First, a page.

Karsten and Gunda did all of the finding of the horses I looked at. Karsten, as mentioned previously, is just an eventing superfan. Gunda is a professional horse broker/agent. I don’t know exactly how they found the horses I ended up trying, but I know it was some combination of talking to their contacts and friends, attending shows, and the general in-the-know-ness of people well-connected in the horse industry. Whatever they did, they found me the nicest 19 horses I’ve ever met. Seriously, the least pleasant horse I rode on my trip was still a pretty cool horse, and a horse I would totally have considered had I met her without context back here at home.

literally have no idea when the last time was that I jumped higher than 2’6″

Every single horse I met had a clear aid structure. And if that aid structure didn’t match mine, their trainer could explain it to me perfectly, despite the German-English barrier. They went forward from my leg and came back from my seat. They went right into the connection, even when I rode like a potato. They never once thought about stopping and they loaned me, a perfect stranger, their confidence. They were generous and kind and easy. They weren’t conflicted, and nothing I asked (or did by mistake) made them upset. They just did what I asked, and came in to fences under-powered and made up for it for me, then moved up to the next fence when they needed to. They trusted that I would not betray them, because they had never been betrayed.

Truly, I am not sure if I will ever have the privilege to ride so many wonderful horses ever again.

So back to Horse One. I was meeting my first horse in Germany. At Luhm├╝hlen. I had barely ridden since May (maybe 12 rides, seriously) and hadn’t jumped in a year. I. Was. Anxious.

Out came this really cute hony, “Speedy”, who hadn’t jumped since the Bundeschampionate six weeks prior. His trainer rode him for a bit, jumped him a bit, and I hopped right on. I didn’t do a very good job riding him. I couldn’t really organize all the parts of my body to do what the trainer was telling me (it wasn’t complex — I was just not terribly functional) and I didn’t have enough confidence in my feel to really put my aids on. At one point the trainer said “You can stop asking nicely now — you can get angry.” But when Gunda asked “Is that enough? Or do you want to go to cross country?” I was like hell yes I’ll see what this hony is like on cross country!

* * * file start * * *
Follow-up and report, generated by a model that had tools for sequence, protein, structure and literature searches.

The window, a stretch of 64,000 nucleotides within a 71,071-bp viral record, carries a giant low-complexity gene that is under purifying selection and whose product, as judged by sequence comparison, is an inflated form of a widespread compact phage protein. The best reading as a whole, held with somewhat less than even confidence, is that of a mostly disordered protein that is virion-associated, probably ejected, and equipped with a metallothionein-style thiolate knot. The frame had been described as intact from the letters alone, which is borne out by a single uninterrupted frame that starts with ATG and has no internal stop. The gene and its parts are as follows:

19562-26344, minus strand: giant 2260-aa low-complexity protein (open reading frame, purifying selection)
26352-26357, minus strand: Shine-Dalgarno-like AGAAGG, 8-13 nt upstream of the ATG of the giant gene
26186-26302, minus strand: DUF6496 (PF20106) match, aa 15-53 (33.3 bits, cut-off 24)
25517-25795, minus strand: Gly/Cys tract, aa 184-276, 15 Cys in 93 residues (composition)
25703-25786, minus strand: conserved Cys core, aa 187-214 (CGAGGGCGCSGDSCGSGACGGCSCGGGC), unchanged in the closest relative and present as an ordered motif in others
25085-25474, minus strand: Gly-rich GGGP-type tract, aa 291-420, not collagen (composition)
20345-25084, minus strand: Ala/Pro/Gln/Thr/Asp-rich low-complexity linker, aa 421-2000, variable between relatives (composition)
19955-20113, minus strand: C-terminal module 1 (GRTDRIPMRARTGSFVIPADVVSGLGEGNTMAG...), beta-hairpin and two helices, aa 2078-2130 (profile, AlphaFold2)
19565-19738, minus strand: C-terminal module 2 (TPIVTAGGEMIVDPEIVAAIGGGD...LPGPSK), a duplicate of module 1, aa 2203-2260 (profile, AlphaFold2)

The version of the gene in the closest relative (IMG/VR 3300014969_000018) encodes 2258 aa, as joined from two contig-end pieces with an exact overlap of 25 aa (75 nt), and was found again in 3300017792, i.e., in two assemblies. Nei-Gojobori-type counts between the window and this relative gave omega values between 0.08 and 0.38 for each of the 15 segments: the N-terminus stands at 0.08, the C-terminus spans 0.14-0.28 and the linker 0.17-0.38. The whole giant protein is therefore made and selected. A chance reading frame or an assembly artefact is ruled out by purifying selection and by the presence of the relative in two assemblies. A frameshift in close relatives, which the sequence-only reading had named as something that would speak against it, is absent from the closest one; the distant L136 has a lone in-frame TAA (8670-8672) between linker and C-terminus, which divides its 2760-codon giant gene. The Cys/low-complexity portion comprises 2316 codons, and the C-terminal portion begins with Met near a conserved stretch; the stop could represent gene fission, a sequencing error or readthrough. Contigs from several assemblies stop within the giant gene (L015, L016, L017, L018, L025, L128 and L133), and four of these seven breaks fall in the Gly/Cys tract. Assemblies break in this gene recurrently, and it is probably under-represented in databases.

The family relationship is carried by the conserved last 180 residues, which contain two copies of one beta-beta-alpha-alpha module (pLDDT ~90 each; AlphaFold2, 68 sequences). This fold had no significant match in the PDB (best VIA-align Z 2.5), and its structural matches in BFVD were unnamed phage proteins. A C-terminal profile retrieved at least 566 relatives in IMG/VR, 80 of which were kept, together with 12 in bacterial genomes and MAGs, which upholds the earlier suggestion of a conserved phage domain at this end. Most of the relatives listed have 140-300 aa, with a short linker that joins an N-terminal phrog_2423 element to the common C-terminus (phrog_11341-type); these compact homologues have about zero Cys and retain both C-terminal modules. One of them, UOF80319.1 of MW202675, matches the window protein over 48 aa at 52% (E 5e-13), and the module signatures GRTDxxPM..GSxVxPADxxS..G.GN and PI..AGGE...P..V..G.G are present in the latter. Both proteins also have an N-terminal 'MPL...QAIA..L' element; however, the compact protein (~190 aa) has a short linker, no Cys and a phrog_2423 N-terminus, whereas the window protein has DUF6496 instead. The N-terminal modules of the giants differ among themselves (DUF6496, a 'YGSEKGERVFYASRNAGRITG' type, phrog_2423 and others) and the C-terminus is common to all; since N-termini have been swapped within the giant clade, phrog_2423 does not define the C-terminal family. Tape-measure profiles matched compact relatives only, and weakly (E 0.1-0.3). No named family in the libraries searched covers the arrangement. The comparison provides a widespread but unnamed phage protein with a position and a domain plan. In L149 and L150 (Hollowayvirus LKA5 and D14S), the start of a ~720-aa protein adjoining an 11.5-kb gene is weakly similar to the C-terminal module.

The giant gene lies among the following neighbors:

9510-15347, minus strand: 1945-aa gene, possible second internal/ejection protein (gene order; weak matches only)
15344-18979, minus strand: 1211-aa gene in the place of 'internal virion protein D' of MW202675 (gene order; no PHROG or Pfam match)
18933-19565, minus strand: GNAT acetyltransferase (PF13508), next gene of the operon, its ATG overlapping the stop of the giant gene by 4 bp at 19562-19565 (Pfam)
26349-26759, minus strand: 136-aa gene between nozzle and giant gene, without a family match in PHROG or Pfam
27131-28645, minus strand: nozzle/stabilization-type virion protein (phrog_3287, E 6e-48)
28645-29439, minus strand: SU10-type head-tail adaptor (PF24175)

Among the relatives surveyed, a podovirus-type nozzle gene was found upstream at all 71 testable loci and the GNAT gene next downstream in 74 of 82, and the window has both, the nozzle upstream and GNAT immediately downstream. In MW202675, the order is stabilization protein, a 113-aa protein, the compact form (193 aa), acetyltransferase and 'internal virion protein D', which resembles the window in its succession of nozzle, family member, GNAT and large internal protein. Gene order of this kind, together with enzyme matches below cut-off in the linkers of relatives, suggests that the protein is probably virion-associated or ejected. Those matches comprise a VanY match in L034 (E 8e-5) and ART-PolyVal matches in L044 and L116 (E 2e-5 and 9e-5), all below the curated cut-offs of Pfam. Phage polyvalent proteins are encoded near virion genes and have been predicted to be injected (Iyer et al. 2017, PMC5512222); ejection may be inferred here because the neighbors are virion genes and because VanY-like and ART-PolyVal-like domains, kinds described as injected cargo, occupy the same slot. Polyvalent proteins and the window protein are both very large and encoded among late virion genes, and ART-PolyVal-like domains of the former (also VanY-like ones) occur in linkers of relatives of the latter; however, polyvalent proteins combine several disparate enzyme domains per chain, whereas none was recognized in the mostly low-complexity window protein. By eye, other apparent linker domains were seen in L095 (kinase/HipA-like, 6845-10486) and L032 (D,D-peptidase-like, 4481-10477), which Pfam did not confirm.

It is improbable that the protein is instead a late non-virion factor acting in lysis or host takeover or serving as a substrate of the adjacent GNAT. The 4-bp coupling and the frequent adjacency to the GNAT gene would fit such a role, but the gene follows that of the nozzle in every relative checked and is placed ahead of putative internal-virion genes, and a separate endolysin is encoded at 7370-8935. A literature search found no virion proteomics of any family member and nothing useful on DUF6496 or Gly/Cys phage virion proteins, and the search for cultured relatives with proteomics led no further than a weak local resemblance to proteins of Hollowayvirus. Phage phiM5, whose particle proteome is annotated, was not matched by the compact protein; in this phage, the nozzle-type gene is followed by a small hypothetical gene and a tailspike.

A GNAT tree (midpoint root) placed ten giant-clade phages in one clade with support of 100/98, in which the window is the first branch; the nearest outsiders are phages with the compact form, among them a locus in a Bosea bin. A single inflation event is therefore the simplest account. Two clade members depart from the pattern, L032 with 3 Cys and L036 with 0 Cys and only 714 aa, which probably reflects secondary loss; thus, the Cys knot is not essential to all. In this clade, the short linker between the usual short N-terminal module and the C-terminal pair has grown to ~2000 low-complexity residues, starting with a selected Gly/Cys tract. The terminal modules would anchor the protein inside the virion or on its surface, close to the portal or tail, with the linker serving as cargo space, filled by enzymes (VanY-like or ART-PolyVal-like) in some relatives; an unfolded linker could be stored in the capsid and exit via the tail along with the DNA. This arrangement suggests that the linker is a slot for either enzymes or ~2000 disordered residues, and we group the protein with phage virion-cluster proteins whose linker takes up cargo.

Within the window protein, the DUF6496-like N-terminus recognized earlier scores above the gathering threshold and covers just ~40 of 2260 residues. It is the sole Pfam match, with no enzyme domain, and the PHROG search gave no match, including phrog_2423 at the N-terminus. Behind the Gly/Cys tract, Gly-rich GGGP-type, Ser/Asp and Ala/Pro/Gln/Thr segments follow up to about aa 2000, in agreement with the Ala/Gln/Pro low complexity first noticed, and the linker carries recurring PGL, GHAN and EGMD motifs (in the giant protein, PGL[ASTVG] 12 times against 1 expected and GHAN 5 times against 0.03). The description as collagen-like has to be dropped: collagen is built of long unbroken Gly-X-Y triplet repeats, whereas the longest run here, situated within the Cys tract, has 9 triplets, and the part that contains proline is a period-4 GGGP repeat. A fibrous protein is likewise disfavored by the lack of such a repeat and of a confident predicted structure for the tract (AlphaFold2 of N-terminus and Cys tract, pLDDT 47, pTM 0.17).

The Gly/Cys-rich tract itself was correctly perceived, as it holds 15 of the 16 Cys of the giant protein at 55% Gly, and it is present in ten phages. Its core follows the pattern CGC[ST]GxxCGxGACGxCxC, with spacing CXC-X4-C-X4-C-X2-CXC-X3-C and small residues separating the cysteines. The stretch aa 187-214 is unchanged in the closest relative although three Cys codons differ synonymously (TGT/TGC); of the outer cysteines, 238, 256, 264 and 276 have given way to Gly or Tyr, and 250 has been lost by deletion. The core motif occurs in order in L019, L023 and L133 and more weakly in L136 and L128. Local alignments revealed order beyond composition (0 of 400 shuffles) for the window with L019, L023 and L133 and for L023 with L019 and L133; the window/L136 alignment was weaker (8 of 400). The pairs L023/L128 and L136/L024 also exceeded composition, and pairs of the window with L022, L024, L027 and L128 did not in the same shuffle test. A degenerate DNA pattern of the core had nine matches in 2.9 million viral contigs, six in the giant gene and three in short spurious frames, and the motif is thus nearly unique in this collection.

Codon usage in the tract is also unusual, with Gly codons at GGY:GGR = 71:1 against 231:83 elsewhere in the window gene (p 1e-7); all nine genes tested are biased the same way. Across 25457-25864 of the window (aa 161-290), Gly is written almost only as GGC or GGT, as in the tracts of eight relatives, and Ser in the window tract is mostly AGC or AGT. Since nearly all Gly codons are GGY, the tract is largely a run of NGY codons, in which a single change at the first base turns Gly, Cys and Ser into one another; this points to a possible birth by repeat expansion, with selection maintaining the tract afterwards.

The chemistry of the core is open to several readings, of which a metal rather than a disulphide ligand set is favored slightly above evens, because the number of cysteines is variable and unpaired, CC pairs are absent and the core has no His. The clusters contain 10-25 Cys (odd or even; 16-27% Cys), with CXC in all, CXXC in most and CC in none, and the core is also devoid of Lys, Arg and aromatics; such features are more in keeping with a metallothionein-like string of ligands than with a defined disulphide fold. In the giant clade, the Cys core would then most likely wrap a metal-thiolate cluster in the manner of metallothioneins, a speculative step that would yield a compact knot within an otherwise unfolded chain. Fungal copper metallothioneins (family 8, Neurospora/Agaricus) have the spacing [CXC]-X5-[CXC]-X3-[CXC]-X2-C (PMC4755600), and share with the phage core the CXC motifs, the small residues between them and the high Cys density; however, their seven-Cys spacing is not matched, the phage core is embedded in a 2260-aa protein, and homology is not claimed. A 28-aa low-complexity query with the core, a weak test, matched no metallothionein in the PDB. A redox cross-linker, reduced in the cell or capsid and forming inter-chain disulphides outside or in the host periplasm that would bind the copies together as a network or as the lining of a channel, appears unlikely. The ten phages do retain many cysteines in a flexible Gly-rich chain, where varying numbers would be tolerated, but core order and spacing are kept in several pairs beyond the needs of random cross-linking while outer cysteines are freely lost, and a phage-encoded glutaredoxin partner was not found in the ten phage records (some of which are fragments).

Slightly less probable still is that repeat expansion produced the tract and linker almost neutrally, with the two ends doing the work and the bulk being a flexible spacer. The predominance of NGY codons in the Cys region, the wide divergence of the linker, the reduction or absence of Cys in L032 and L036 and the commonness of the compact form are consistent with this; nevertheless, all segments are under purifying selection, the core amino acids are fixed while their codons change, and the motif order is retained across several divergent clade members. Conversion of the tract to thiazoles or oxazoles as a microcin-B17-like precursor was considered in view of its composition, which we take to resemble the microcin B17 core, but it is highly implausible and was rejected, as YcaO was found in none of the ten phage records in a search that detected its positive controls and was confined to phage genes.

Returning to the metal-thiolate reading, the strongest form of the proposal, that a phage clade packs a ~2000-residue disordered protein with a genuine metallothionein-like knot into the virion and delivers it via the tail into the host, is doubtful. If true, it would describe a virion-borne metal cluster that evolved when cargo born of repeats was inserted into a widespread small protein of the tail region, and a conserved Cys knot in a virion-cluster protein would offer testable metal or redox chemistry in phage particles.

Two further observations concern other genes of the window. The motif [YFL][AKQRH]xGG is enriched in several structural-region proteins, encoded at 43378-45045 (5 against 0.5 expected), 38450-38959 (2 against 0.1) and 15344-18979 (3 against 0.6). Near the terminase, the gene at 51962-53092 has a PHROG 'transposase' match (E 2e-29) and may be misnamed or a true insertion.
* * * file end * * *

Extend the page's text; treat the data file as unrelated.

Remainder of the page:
So we loaded the hony up in one of those adorable tiny European trailers and headed over to the gel├źndeplatz. I’m not sure how the rest of the trip would have gone if we hadn’t taken Speedy out on cross country, because that’s when things really clicked for me. The trainer pointed me at various cross country fences and Speedy just…. took me there. After jumping ten-ish fences, he suggested that I jump a trakehner. I was like “Oh, you know, I’m not sure that’s such a good idea. I haven’t jumped that type of fence in a long time, and I haven’t been on cross country in a long time.” The trainer just looked at me very kindly and said “Nicole, I really want to sell this horse. So you have to jump him over the ditch.” Evidently I have absolutely no ability to stand up to peer pressure.